Catch Phrase/Literature

Everything About Fiction You Never Wanted to Know.

Books have catch phrases too, and you can get that in writing.

Examples of Catch Phrase/Literature include:
  • A Christmas Carol: Averted; a case of Beam Me Up, Scotty and Memetic Mutation has resulted in "bah, humbug!" becoming the Catch Phrase of Ebenezer Scrooge. "Bah, humbug" is only spoken twice in the novel, though "humbug" comes up a few more times by itself. At that time, "humbug" meant "hoax" or "jest", so Scrooge was just dismissing Christmas as a fraud in the lingo of the day.
  • Sherlock Holmes' Beam Me Up, Scotty is: "Elementary, my dear Watson", a line never found in the entire novel series.
    • He does, however, like to address Watson as "my dear Watson".
  • Tarzan: Averted by way of Beam Me Up, Scotty; "Me Tarzan, you Jane" is not found the Tarzan novels.
  • Garion's catchphrase in David Eddings' The Belgariad, which the other characters quickly become tired of, is "Why me?" Eventually answered as "Would you have trusted anyone else to do it?", but not before various other characters have taken it up briefly. In one scene Belgarath (who's The Obi-Wan, and usually the one being asked and not answering), says it, much to everyone's amusement.
  • A handful of Discworld characters have catchphrases:
    • Rincewind: "OhshitohshitohshitI'mgoingtodie!"
      • Bonus points because this one was also uttered, on request, in "Wizard Language".
    • Granny Weatherwax: "If you ain't got respect, you ain't got a thing," "I can't be havin' with this," "Blessings be upon this house", and of course written, rather than spoken: I ATEN'T DEAD.
    • Death: There's no justice. There's just me. Which in Mort became There's no justice. There's just us.
    • And, of course, Dibbler's "That's cutting me own throat", along with the variants used by his counterparts.
    • And Vimes subverts this by asking "What's the thing I always repeat to you?".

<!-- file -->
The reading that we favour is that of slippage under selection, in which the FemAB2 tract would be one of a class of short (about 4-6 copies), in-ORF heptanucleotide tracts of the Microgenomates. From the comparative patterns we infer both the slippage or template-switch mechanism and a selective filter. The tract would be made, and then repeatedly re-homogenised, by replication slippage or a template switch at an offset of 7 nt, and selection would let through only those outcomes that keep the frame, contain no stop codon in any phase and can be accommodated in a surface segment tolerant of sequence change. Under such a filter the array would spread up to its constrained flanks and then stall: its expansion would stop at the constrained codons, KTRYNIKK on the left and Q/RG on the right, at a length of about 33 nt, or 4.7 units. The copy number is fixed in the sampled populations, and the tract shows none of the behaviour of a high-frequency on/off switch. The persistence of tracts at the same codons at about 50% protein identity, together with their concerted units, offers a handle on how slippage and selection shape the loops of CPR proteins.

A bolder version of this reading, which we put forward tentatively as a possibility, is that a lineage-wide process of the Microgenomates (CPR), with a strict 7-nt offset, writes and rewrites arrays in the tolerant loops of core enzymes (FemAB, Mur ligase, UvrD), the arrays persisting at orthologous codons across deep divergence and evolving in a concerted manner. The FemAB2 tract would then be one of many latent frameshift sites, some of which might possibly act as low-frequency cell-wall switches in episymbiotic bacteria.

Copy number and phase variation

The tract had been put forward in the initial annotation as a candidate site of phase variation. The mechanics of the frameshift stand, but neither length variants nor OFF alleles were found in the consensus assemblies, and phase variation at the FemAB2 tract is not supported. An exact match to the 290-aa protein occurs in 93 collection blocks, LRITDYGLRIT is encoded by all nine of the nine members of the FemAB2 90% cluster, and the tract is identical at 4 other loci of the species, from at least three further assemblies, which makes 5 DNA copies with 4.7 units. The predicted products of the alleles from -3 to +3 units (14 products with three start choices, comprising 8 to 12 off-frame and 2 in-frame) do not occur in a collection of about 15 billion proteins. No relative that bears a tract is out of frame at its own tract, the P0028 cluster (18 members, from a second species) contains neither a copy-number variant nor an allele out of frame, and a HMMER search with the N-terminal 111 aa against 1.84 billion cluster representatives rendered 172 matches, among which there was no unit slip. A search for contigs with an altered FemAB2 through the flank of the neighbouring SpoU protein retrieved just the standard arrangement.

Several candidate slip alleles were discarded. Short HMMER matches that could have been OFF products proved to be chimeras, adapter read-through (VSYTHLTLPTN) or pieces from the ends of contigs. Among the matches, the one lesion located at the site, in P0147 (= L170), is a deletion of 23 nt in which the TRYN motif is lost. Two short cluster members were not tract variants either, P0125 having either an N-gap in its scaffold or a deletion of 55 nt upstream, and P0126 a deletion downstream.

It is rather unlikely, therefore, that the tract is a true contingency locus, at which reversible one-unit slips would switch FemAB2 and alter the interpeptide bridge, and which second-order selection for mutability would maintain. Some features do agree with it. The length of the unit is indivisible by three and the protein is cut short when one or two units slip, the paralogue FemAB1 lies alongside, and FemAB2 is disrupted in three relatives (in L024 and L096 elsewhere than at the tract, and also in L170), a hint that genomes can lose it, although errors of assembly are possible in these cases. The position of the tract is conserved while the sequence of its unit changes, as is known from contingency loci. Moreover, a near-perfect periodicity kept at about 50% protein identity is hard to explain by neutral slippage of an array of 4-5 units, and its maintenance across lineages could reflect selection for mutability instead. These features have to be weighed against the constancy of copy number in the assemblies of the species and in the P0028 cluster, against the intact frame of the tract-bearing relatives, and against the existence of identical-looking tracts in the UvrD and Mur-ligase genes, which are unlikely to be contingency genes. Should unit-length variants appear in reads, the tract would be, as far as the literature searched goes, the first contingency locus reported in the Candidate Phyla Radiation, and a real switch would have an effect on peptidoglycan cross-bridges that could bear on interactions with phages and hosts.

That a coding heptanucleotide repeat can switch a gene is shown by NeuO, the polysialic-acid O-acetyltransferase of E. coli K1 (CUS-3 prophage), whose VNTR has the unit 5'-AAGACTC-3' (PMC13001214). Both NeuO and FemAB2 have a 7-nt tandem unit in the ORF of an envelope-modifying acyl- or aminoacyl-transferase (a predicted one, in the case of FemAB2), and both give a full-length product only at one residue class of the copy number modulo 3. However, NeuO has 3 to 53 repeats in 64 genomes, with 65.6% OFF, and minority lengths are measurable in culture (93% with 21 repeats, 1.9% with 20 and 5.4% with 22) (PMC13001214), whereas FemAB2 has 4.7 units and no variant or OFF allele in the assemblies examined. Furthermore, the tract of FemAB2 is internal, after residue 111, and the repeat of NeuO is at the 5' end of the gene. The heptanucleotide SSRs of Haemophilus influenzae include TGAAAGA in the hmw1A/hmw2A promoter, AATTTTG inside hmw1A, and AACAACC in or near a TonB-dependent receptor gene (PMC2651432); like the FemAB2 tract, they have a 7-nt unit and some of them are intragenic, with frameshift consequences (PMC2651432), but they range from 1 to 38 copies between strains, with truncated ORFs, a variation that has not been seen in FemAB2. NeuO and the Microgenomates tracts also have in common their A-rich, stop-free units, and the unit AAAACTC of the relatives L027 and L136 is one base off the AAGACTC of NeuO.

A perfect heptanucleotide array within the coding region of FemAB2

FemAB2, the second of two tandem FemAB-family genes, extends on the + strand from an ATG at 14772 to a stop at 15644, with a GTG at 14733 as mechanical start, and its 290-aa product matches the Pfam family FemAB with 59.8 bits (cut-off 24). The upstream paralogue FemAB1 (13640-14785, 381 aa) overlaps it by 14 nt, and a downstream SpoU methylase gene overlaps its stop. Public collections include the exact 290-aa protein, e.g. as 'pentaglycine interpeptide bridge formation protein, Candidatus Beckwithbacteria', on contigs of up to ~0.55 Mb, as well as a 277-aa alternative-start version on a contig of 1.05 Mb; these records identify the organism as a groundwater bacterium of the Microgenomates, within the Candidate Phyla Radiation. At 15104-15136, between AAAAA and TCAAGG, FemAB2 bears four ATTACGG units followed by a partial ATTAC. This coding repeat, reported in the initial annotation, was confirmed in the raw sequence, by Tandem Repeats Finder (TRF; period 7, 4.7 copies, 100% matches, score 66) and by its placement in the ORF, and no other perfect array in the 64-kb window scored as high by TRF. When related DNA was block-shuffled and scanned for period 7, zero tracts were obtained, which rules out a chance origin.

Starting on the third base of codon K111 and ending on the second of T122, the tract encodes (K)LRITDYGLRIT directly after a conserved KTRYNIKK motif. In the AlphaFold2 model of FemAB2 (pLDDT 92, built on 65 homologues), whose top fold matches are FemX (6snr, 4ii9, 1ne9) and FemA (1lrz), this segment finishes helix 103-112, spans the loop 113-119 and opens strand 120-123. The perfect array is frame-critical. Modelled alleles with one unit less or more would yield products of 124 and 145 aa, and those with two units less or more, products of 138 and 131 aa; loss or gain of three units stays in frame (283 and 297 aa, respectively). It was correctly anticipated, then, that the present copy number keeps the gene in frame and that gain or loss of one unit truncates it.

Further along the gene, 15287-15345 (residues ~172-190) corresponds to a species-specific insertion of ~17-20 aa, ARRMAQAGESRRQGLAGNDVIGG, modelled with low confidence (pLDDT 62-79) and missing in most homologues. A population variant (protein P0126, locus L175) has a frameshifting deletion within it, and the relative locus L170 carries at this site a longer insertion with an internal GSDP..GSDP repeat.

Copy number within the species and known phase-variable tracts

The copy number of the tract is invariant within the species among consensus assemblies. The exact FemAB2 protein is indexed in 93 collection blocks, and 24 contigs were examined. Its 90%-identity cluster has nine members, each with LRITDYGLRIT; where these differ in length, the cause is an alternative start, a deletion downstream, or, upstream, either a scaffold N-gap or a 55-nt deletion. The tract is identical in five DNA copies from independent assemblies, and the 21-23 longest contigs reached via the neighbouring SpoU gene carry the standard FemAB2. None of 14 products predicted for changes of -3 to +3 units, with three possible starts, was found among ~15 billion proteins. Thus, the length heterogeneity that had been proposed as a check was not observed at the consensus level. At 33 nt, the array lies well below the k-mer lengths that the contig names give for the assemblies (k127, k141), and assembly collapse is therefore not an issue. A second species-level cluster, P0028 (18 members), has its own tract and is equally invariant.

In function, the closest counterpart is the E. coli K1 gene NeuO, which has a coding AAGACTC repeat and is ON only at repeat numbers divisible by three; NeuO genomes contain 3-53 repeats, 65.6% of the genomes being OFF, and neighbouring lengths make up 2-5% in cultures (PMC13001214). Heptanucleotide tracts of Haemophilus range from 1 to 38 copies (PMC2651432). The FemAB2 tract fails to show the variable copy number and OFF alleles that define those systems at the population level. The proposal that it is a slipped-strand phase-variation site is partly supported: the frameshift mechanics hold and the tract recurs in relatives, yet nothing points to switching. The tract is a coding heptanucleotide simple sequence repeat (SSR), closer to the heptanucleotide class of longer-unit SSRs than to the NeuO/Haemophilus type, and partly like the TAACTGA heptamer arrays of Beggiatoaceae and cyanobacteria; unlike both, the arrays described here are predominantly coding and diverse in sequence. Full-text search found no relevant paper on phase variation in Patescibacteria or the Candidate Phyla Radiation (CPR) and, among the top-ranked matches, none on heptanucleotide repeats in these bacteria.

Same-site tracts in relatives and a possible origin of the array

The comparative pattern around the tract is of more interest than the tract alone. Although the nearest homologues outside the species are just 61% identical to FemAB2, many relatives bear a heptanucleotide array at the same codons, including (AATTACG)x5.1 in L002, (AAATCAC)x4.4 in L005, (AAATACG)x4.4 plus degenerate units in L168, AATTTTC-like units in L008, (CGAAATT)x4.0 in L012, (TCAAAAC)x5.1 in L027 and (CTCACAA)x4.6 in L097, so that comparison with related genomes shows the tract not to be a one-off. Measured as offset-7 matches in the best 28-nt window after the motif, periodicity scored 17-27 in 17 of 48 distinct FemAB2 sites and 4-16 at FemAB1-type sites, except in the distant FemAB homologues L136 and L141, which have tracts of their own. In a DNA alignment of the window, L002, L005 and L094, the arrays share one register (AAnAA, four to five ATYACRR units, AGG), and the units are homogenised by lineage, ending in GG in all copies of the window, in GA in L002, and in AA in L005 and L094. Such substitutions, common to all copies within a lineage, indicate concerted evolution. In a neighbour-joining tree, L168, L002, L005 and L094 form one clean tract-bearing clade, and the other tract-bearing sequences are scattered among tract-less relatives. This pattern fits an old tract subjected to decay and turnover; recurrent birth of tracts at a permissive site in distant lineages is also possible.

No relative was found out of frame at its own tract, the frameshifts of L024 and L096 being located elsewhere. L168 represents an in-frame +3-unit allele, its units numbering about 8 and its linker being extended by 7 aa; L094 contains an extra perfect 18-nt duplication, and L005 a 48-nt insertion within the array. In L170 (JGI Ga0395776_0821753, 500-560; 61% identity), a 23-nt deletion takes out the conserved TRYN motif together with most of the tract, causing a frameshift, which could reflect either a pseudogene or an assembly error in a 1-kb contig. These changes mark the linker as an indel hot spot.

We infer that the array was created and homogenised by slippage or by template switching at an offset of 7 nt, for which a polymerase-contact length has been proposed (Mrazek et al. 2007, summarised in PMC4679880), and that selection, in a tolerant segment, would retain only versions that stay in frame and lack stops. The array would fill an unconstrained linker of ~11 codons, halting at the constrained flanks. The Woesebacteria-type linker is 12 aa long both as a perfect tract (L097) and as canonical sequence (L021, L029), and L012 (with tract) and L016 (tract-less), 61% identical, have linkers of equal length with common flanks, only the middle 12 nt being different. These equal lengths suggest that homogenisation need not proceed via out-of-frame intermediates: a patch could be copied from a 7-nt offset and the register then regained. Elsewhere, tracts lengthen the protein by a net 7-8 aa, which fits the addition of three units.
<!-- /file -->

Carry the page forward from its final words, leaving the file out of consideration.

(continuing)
• Captain Carrot: "As Mister Vimes Says... "
    • Lord Vetinari: "Don't let me detain you..."
    • Lampshaded with Moist von Lipwig:

"Trust me."
"You use that phrase an awful lot, Mr. Lipwig."

    • Foul Ole Ron's "Millenium Hand and Shrimp."
  • Animorphs:
    • Everyone, in narration: "My name is [name.]"
    • Rachel: "Let's do it."
    • Marco: "This is insane."/"Are you insane?!"
    • "That was exciting/fun/really cool." "Let's never, ever do it again."
    • Ax: "We have x of your minutes left."
      • Marco: "They're everyone's minutes!"
    • And the Running Gag:

Ax: "Yes, Prince Jake."
Jake: "Don't call me prince."
Ax: "Yes, Prince Jake."

Daenerys: It is true that I am only a young girl, and do not know the ways of war.
Ygritte: You know nothing, Jon Snow.
Ned Stark: Winter is coming.
Arya Stark: Fear cuts deeper than swords.
The Lannister: A Lannister always pays his/her debts.
Ser Boros Blount: You speak to me thus? You?

Shagga, son of Dolf: I will chop off your manhood and feed it to the goats.

The Dothraki in general: It is known.

Hodor: Hodor.

  • In Lloyd Alexander's The Chronicles of Prydain, Gurgi mentioned "munchings and crunchings" often enough for them to almost count as a catchphrase, while Fflewdur Fflam used "Great Belin!" as his trademark Unusual Euphemism (Belin is an ancient Welsh sun god), and Princess Eilonwy would often cry "Taran of Caer Dallben, I'm not speaking to you!" or some variation of the same.